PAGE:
• Movement on rural policy in Scottish Government

    A Scottish Government consultation on a transition to a new rural policy closed last week. The theme was ‘Stability and Simplicity’, setting out plans to make the next few years as smooth as possible for land managers and rural businesses as we transition to a new system post-Brexit.

    According to the Scottish Government, the aim of the transition is to ‘enhance [farmers and crofters’] role as stewards of the natural environment, and embrace an integrated approach to land use which seeks to deliver multiple benefits from the land’. They suggest any changes should take us closer to a ‘comprehensive new rural policy which helps to protect and enhance the natural assets on which our farming and other rural industries depend’. These are things that RSPB Scotland certainly agrees on.

    But the consultation does not get as far as telling us what this new policy might be. A well-planned transition is necessary, but unless we know what we are transitioning to, planning is difficult. Rural Scotland urgently needs a vision for the longer term.

    The policies and funding frameworks that we have now under the EU Common Agricultural Policy have had very mixed success. While schemes like the Agri-Environment Climate Scheme (AECS) are a vital way of funding landscape scale interventions for biodiversity, climate and other environmental needs, other schemes lack evidence and a logic for spending public money beyond simply land ownership and farming activity. There are few strings attached to major funding streams like the Basic Payment Scheme, allowing public money to fund practices that contribute to, rather than solve environmental challenges.

    The Paps of Jura with Scottish Black Face sheep grazing in the foreground. Image:

    At RSPB Scotland, we have a vision for a different system. The current one-size fits all approach leaves too many smaller, more remote, more nature-friendly farms without adequate support. In the future, we want a system that is fully focused on delivering public goods in return for public investment, and takes regional and local differences into account.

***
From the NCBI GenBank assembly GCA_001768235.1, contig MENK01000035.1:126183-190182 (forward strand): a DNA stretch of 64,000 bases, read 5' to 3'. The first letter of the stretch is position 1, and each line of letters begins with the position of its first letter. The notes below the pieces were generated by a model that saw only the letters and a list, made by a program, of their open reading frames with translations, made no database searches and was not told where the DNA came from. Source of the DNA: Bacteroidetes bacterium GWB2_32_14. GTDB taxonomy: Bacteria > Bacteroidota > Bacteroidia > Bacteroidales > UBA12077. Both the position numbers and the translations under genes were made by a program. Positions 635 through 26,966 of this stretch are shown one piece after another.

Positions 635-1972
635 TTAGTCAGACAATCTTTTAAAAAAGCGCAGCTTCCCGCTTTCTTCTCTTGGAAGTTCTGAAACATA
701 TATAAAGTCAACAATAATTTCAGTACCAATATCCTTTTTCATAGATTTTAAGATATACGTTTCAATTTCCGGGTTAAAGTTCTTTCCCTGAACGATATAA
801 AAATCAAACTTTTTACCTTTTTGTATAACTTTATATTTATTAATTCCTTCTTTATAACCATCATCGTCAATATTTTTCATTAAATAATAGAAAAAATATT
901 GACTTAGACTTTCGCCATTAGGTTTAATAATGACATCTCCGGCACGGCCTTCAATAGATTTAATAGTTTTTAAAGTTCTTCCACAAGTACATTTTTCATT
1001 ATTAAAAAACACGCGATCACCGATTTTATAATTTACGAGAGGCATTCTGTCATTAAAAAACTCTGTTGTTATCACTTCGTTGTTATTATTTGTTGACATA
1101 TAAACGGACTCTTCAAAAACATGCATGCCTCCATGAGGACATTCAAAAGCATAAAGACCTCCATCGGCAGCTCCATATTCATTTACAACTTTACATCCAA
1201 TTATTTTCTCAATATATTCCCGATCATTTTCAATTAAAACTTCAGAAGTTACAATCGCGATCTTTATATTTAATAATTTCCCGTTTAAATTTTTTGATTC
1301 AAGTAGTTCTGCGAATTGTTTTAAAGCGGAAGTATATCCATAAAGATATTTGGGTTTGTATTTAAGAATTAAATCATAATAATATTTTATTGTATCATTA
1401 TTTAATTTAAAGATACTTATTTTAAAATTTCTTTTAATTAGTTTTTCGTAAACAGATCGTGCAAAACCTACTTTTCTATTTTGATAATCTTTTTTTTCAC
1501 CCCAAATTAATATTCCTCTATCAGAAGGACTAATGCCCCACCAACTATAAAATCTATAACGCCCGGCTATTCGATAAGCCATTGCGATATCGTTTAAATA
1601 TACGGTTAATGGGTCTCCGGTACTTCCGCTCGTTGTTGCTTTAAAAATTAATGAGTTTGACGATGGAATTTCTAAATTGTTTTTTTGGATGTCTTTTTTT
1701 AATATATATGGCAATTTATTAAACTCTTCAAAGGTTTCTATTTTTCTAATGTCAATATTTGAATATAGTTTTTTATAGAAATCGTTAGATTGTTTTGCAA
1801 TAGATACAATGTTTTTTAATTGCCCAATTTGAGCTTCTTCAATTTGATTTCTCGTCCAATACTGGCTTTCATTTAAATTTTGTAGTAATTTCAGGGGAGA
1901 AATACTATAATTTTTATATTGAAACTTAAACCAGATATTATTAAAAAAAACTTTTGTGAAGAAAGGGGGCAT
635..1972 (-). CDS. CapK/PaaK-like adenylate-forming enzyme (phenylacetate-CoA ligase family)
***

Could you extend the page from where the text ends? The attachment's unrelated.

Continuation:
Public goods include wildlife and functioning ecosystems, a stable climate, beautiful landscapes for recreation and cultural identity, and other goods and services not paid for by the market but which are vital for us and future generations. As part of Scottish Environment LINK, we have outlined what a new support scheme could look like, that prioritises public goods while supporting land-based businesses to become more nature-friendly, efficient, and sustainable.

    The transition period planned by Scottish Government should help us get there. We agree that stability and simplicity are sensible principles in the short term, but with caveats. A period of limited change in the short-term must mean that we use this time to plan for a fundamentally new policy and funding framework post-2024. And stability for the sector relies on everyone knowing what’s ahead, so that we can all plan for the future.

    Simplicity in the system is also welcome, but this mustn’t come at the expense of maintaining environmental, animal welfare and food safety standards, or get in the way of achieving environmental and other public goods goals.

    In the short-term, we believe that the sector needs to come together to trial some fundamentally new approaches. Regional land use planning should set priorities and shape funding frameworks at a regional level. Individual holdings should be supported to look at their whole business in the round, planning for environmental and business performance in the long term. For this we need much better advice to be available, from people who have the right knowledge, especially when it comes to environmental issues. And finally, we should test out some different ways of structuring schemes, focusing on the outcomes that land managers achieve, in the context of a much more supportive system.

    If you are interested in reading more on these proposals in detail, you can request a copy of our response by emailing